When Dave and I were in Dallas this past weekend, we visited the Sixth Floor Museum, which is the museum which documents the life, assassination, and legacy of John F. Kennedy, Jr. The museum is located on the 6th floor of the Texas School Book Depository, which is the building and floor from where Lee Harvey Oswald shot and killed JFK.
We arrived at the museum at 3PM on Friday with plans to visit the museum with my parents, who hadn’t arrived yet. The line for tickets was extremely long, and the next available entry time was marked as being at 3:30. Dave went online to the Sixth Floor Museum site and purchased tickets online so we didn’t have to wait in line. However, the tickets online didn’t allow us entrance until 4PM. We should have realized that we needed to order tickets ahead of time, but we didn’t know it would be so crowded at the museum! My parents ultimately decided that they didn’t have enough time to visit the museum with us. The museum staff was nice enough to refund the tickets we had purchased for them.
The museum includes an audio tour, which I didn’t have the patience to listen to, although I’m sure it would have been educational. Instead, Dave and I made our way through the exhibits at our own pace, with the knowledge that we didn’t have a ton of time! The audio tour takes 90 minutes if you listen to the whole thing.
The exhibit begins with an outline of the early 1960s, explaining the social and political climate of the time. It then goes over JFK’s campaign and moves on to his trip to Texas in November of 1963.
In what was the most interesting part of the museum for me, the corner window “sniper’s perch” is recreated. There are also screens showing how the motorcade traveled along the road and when the shots hit JFK – as you are looking over the exact location through the windows. It was so interesting to me that the shots were fired on a diagonal, rather than straight down onto the street as it seemed they could have been.
The X marks the spot in the street where JFK was when he was hit.
The next part of the museum shows the immediate aftermath of the assassination and goes on to the investigations. This model shows the window and the angle the shots were fired. It was actually used by the FBI to investigate the shooting.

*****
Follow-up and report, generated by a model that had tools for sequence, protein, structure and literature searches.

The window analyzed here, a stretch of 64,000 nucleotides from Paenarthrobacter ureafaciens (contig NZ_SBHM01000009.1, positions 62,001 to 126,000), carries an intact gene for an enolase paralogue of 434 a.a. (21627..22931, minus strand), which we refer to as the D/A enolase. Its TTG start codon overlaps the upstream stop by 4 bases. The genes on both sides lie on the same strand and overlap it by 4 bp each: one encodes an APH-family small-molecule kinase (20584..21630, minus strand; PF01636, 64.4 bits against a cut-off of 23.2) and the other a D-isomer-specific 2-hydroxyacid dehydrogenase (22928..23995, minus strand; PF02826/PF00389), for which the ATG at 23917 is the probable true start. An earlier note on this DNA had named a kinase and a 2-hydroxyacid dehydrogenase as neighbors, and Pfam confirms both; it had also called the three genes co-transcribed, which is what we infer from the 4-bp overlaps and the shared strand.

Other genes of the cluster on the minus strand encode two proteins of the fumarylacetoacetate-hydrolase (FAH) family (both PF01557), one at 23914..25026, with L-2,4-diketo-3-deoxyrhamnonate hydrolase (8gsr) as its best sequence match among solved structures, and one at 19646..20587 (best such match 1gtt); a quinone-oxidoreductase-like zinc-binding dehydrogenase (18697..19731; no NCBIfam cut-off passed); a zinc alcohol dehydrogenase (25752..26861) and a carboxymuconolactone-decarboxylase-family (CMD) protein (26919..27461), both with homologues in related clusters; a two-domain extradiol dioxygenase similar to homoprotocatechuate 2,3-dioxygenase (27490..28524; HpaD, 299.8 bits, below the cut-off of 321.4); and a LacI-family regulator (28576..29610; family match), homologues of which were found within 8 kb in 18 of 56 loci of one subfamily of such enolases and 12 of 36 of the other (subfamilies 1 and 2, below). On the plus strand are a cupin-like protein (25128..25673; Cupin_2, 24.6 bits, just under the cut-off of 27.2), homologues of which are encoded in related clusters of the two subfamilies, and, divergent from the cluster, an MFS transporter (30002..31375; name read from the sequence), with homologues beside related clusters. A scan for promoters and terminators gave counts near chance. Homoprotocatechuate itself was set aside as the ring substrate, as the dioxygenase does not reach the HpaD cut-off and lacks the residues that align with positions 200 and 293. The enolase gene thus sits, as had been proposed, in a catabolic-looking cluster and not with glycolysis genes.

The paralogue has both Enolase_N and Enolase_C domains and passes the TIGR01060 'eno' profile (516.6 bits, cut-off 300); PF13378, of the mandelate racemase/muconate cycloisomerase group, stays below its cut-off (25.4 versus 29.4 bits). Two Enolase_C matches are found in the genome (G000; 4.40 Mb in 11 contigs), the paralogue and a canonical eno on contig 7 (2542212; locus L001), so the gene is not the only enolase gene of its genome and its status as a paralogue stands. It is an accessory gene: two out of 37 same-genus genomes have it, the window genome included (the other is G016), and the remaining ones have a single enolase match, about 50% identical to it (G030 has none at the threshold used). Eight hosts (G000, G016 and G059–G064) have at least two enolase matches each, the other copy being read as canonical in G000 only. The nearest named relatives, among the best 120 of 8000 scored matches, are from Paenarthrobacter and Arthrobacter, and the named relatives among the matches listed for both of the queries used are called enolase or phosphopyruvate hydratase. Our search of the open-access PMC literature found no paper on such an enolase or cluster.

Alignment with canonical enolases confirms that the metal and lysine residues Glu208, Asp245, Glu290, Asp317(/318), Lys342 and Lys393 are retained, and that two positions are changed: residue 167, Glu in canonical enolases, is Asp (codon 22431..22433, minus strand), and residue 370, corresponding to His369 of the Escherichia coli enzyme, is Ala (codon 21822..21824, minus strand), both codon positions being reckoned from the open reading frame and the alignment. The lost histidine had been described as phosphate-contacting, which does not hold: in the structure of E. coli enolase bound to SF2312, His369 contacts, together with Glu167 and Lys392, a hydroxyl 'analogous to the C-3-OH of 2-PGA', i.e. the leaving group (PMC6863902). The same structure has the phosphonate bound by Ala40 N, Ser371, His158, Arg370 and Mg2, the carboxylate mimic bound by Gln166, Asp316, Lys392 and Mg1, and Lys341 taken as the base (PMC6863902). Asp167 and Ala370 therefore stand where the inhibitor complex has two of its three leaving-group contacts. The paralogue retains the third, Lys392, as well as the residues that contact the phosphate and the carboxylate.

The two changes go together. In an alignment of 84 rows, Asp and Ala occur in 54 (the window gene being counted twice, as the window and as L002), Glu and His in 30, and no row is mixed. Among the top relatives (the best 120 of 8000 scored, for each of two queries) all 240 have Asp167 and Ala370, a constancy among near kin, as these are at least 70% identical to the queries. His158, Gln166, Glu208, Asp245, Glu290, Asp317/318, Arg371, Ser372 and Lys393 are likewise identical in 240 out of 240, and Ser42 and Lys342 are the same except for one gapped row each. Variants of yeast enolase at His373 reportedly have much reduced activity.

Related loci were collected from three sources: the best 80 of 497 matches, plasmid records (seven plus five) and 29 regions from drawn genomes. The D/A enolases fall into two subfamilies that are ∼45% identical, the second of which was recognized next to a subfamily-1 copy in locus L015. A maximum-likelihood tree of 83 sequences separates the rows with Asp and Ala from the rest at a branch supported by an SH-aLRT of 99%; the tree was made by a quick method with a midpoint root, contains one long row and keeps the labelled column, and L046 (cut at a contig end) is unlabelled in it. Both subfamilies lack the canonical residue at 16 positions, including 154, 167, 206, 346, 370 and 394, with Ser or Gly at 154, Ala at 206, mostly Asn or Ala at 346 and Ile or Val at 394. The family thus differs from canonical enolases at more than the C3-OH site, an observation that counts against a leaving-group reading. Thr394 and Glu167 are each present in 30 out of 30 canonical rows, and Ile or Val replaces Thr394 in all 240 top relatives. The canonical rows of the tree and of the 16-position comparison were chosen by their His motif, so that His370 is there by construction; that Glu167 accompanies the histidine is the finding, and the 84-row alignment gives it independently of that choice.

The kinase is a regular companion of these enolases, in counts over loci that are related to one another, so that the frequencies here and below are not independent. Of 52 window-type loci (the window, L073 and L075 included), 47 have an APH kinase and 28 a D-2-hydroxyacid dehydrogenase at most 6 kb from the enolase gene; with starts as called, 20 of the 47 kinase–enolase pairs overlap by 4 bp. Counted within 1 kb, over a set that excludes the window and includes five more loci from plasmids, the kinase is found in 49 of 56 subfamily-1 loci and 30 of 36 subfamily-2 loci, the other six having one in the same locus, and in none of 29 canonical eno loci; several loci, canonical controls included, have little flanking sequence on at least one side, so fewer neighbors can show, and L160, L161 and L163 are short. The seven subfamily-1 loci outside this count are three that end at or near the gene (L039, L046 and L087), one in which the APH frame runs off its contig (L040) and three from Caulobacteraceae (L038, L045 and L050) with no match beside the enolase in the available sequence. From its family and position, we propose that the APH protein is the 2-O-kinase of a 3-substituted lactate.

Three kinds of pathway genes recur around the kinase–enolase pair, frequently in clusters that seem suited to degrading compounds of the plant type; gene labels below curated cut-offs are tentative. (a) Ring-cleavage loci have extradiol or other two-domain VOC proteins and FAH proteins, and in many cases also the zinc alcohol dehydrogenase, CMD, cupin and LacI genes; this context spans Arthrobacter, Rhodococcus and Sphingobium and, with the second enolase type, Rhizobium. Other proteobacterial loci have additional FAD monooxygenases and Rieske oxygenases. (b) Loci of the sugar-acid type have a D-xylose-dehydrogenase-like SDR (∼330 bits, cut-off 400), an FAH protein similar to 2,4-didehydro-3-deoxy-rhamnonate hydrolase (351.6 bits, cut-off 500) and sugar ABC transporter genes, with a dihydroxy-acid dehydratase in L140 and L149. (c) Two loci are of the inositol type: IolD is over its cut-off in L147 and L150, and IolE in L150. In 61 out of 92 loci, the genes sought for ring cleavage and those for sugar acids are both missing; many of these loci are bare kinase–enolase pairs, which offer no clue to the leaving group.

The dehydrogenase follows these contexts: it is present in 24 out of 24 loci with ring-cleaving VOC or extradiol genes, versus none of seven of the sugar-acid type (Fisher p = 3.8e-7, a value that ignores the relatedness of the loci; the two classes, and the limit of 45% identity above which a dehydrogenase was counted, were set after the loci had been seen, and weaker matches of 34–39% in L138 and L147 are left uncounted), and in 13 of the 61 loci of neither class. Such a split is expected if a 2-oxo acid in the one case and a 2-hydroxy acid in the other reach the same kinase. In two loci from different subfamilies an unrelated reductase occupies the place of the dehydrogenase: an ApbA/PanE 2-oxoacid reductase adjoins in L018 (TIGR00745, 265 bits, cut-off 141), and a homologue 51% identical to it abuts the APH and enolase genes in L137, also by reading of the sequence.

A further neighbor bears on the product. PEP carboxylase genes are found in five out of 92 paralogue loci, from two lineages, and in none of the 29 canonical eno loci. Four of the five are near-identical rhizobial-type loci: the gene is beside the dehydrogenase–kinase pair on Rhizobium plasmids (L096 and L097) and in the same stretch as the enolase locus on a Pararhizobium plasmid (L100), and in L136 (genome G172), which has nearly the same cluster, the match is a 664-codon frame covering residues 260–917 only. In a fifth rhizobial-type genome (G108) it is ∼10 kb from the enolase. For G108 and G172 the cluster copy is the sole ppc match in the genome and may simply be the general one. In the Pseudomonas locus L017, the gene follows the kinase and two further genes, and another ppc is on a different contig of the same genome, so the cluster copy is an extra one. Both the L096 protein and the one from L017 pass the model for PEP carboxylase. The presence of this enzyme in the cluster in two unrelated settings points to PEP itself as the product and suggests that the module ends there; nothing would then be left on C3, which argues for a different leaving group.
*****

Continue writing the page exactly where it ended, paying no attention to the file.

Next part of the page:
These cameras were used by eyewitnesses who were at the location that day. I found it interesting that the cameras were so small, as when my father got our first camcorder, it was huge!
There was also information about the conspiracy theories that are still out there to this day, as well as a display detailing some of the things that JFK had been working on and became his legacy after his death. The website of the museum contains a lot of information about the assassination if you are interested!
The JFK assassination is one of those events that effected the entire nation and that people say they remember where they were when they heard that it occurred. It is kind of amazing how fast that news traveled way back before social media and cell phones. Then again, 9/11 also happened before a lot of social media! This museum reminded me a bit of the 9/11 Museum, which we visited in November. There was a display showing the other memorials and museums for national tragedies such as these, and as it turns out, we have been to all but one of them. They include Pearl Harbor, the site where Martin Luther King was assassinated (now the location of the National Civil Rights Museum), the Oklahoma City bombing memorial, the 9/11 Museum, and this one. We have not been to the National Civil Rights Museum. We did go to the Martin Luther King historical sites in Atlanta!
Have you been to Dallas? Would you visit this museum? Have you been to any other sites where national tragedies occurred?